And as much as I chuckle at the idea of Lyla being one of the top students in the school and getting into Vanderbilt, I always get perturbed at the idea of not being able to go to the school you want without a fund from Mom and Dad. They're called scholarships, grants and student loans, people! Hey, it worked for me... and yes, I'm putting aside the fact that I'll be paying those loans back until I'm middle-aged. But still, if Vanderbilt is such a big dream (hard to believe since I can't ever recall that institution's name ever being uttered before on the show) she'd find a freaking way. Just as the insightful Mr. Riggins points out to her.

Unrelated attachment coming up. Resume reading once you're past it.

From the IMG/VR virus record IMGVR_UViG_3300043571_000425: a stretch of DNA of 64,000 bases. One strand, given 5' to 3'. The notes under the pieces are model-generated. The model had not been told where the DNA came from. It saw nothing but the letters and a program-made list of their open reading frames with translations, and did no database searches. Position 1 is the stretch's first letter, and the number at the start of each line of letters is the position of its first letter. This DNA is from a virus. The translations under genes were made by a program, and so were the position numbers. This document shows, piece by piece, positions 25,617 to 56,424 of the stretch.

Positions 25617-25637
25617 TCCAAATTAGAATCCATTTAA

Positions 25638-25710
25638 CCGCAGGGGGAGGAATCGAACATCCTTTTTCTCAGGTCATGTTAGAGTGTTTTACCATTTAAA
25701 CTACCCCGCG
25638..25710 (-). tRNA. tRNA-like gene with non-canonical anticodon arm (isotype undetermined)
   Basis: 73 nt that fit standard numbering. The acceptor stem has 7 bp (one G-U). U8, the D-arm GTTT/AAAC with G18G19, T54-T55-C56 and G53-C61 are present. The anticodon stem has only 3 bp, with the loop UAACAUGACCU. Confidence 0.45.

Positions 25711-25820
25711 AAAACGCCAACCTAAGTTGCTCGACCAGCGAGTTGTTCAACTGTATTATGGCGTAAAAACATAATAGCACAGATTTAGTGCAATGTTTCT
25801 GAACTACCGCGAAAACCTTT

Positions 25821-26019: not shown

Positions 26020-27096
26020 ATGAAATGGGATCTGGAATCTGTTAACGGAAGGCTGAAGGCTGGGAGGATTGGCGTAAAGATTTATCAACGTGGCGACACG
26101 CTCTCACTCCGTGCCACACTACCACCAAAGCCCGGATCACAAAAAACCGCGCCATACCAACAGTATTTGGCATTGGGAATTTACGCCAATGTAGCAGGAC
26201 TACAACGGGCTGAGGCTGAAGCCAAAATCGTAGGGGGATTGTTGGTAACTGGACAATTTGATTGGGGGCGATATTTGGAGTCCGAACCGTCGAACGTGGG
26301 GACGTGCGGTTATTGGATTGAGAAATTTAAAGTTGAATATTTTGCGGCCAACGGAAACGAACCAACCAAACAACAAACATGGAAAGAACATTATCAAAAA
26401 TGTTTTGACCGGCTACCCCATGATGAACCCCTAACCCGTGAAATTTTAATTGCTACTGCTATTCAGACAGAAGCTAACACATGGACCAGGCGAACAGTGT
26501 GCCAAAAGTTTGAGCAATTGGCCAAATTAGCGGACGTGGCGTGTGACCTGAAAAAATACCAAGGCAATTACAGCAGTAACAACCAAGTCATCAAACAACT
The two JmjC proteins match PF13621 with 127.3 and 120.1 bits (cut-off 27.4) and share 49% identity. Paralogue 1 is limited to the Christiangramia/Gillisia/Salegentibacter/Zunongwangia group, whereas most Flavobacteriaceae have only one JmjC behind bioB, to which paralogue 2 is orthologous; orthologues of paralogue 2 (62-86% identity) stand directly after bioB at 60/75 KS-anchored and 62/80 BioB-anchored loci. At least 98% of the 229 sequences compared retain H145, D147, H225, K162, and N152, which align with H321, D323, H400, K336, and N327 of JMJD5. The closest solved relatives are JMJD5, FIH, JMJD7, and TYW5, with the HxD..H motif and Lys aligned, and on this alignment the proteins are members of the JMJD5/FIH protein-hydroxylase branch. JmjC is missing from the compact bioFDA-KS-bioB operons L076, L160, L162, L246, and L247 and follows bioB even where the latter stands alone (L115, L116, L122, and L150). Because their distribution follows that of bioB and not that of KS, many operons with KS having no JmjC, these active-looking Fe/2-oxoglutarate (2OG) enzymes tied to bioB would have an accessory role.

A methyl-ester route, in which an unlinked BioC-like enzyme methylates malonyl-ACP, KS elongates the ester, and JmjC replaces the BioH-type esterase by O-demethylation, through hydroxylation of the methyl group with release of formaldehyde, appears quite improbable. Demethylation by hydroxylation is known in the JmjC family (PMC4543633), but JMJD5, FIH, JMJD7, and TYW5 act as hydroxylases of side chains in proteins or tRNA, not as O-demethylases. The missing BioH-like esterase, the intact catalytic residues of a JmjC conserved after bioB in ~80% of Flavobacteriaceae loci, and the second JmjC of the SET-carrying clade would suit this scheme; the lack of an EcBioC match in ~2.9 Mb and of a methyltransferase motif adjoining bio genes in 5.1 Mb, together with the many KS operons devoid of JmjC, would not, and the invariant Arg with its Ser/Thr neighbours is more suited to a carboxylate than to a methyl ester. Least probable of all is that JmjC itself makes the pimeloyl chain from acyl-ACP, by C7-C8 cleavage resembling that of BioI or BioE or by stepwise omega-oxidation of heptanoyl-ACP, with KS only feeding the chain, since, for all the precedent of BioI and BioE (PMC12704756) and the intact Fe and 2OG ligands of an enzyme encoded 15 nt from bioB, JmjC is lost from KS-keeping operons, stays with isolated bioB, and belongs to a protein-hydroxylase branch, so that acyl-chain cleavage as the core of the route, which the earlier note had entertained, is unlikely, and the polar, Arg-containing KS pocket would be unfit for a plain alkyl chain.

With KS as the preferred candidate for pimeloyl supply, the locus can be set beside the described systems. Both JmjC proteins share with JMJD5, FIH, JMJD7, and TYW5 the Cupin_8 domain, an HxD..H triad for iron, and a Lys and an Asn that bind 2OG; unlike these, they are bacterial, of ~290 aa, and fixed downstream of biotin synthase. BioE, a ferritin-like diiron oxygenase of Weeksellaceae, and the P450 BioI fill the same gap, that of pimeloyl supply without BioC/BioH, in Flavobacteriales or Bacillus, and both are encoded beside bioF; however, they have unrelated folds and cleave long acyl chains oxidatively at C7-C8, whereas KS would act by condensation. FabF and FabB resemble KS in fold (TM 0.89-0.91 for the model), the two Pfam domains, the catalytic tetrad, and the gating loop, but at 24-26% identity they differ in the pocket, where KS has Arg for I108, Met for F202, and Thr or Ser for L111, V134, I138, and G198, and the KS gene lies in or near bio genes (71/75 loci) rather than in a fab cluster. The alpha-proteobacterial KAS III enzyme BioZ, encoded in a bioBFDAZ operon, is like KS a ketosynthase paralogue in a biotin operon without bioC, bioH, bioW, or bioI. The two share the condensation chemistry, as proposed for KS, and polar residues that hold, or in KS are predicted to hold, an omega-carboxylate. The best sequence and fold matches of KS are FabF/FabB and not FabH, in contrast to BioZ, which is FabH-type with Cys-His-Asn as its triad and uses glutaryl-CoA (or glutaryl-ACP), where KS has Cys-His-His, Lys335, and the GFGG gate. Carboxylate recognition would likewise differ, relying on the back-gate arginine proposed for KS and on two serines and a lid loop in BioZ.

A week later, Tyra is now back in the swing of things flirting with Landry, prepping for her sister's wedding (while not so subtly mocking it) and fretting over her future. And any excuse that gets Mindy Collette and Landry Clark in a conversation is great. Even as friends, scenes with her and Landry prepping for a bridal shower (thunderstorm included) are comedy gold my friend. Adrianne Palicki takes big steps this week to remind us she can be a terrific and subtle actress, crossing what we can call the Minka Kelly Corollary. In her final conversation with her mother, she can sell the sadness of her situation and hope in the future. It's good to have her back in Dillon and continuing her personal odyssey.